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Criminal Minds' Joe Mantegna Has A Warning For Fans Ahead Of Evolution

With the "Criminal Minds" revival coming to Paramount+ on November 24, there's been tons of chatter about how "Evolution" is going to be different from the original series that ran for 15 seasons on CBS. Fans were excited to hear showrunner Erica Messer talk about the new format, with a very fitting pandemic backdrop. Instead of a different case every week, the story will continue. "What's great about telling this over 10 episodes is what the audience is used to, which is like, "Well, why are they [the unsubs] the way they are?" We're going to be showing you that over stretches of episodes," Messer told EW.

But the change to a serialized format isn't the only thing that will be different about "Evolution" as it switches to Paramount+. At the Television Critics Association (TCA) "Criminal Minds" panel, Messer said that the switch to streaming has "definitely broadened our scope," but she knows older kids watch the show and says she "never wanted us to go into full-rated R, extra violence, or something that would feel like a different series" (via Alex Zalben on Twitter).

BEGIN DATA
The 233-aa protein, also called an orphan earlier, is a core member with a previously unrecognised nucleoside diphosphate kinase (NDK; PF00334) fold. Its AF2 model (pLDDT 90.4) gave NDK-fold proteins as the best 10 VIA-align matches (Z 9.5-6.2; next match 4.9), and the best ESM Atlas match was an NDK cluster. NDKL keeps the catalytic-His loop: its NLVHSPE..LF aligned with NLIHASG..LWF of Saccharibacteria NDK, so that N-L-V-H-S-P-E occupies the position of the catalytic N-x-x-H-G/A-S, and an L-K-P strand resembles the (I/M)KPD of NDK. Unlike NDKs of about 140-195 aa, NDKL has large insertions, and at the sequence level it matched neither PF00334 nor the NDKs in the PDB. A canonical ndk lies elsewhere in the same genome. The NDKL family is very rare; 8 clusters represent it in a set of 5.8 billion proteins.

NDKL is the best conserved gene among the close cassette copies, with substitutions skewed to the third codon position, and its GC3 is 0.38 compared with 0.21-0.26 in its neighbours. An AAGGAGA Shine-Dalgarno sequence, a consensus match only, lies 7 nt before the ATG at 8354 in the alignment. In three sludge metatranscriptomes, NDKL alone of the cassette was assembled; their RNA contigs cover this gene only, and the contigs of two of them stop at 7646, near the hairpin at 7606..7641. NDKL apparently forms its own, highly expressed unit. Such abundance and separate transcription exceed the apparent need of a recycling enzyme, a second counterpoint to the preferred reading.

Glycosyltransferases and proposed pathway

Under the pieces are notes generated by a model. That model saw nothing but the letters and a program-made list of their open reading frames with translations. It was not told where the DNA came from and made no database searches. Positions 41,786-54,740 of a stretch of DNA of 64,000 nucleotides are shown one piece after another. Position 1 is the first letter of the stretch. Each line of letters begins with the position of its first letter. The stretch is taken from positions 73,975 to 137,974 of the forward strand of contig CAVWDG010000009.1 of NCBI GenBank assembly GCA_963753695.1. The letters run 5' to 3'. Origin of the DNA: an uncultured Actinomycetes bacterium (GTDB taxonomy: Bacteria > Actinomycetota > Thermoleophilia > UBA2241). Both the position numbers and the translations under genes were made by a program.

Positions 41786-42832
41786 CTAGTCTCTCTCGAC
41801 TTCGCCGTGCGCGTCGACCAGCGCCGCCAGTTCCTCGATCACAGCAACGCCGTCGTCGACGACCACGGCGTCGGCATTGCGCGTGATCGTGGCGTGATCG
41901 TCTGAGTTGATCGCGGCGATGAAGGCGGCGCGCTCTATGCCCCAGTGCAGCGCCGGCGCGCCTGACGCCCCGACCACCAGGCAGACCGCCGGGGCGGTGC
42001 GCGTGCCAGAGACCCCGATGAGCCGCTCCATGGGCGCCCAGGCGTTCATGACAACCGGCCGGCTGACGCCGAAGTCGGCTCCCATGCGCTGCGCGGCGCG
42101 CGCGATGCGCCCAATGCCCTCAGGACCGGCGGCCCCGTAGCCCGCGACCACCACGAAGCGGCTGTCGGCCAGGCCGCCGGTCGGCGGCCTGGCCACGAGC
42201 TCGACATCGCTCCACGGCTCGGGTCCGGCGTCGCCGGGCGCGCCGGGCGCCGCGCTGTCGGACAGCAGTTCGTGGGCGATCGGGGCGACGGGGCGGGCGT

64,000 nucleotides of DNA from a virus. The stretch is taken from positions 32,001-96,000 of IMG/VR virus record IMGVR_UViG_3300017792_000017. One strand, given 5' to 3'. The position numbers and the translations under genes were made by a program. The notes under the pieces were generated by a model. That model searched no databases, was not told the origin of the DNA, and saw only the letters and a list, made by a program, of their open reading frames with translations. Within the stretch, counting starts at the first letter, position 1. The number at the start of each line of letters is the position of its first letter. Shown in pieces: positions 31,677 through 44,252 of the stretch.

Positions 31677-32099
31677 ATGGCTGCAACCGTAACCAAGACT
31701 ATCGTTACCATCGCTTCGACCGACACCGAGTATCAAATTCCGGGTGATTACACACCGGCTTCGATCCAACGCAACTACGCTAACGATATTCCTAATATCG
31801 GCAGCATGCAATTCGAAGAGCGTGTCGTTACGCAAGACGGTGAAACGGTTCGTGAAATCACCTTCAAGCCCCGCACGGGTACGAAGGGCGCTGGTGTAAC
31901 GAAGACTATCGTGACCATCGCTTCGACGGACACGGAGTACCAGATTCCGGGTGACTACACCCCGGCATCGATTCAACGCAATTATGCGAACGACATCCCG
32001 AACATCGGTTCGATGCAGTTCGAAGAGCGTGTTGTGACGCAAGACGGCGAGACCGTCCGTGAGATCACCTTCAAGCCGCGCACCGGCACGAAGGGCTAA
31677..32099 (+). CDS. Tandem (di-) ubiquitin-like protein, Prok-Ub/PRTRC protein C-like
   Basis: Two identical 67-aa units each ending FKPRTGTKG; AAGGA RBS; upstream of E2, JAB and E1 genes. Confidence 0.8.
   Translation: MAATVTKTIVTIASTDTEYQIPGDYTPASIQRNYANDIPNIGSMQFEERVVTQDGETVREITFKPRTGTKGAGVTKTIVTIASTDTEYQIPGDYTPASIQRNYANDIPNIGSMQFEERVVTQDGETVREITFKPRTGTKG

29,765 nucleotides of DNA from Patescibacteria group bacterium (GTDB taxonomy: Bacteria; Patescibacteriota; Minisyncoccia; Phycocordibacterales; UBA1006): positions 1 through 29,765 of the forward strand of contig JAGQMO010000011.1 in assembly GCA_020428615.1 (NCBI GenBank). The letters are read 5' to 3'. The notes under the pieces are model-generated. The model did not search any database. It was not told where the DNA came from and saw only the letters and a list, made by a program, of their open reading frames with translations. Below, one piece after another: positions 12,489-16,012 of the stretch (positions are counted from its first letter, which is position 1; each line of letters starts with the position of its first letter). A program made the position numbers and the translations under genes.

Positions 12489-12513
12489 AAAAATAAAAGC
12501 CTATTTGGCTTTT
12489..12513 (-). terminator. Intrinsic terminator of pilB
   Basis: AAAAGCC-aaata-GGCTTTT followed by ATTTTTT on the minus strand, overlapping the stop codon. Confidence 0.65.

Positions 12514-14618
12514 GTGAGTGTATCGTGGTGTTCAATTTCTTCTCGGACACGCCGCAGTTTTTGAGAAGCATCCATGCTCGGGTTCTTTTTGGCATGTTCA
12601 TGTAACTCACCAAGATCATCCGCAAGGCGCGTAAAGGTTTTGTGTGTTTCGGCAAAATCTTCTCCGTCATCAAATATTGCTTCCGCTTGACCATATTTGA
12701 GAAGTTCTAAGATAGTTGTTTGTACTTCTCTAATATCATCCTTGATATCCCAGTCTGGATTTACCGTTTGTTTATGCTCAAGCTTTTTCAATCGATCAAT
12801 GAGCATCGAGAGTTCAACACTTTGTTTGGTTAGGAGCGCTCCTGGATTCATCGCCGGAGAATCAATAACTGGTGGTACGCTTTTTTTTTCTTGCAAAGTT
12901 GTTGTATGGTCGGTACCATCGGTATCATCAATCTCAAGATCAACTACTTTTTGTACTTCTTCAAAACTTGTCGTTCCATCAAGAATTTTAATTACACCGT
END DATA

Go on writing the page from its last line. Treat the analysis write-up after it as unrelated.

While Messer warns that there will be more swearing by some of the characters — Rossi (Joe Mantegna) "especially," Mantegna has his own warning for fans about the revival.

He says the revival will be darker than the original

Joe Mantegna, who has played David Rossi since Season 3, has long been an outspoken proponent of the military and police. "I've been to Quantico numerous times and it's the real deal," he told CBS in 2020. "It's fantastic and it's great. It gives you more respect for what these men and women do each day." He looks at "Criminal Minds" as showing just a small slice of a very real job, and he's a firm believer in showing the truth of things, even if it's dark or disturbing. At the TCA Panel, he warned viewers about the difference between "Evolution" and the original series, saying, "if you think you were disturbed before, we may be taking it to another level" (via Cinema Blend).

Other cast members have talked about the show disturbing them or having nightmares, but not Mantegna. "When they say 'cut,' that person lying there with the ax in his head pops it up and goes over to craft services and gets a sandwich," he said. "The ones I worry about are the real men and women of the FBI and other law enforcement agencies around the world who have to really do this for a living."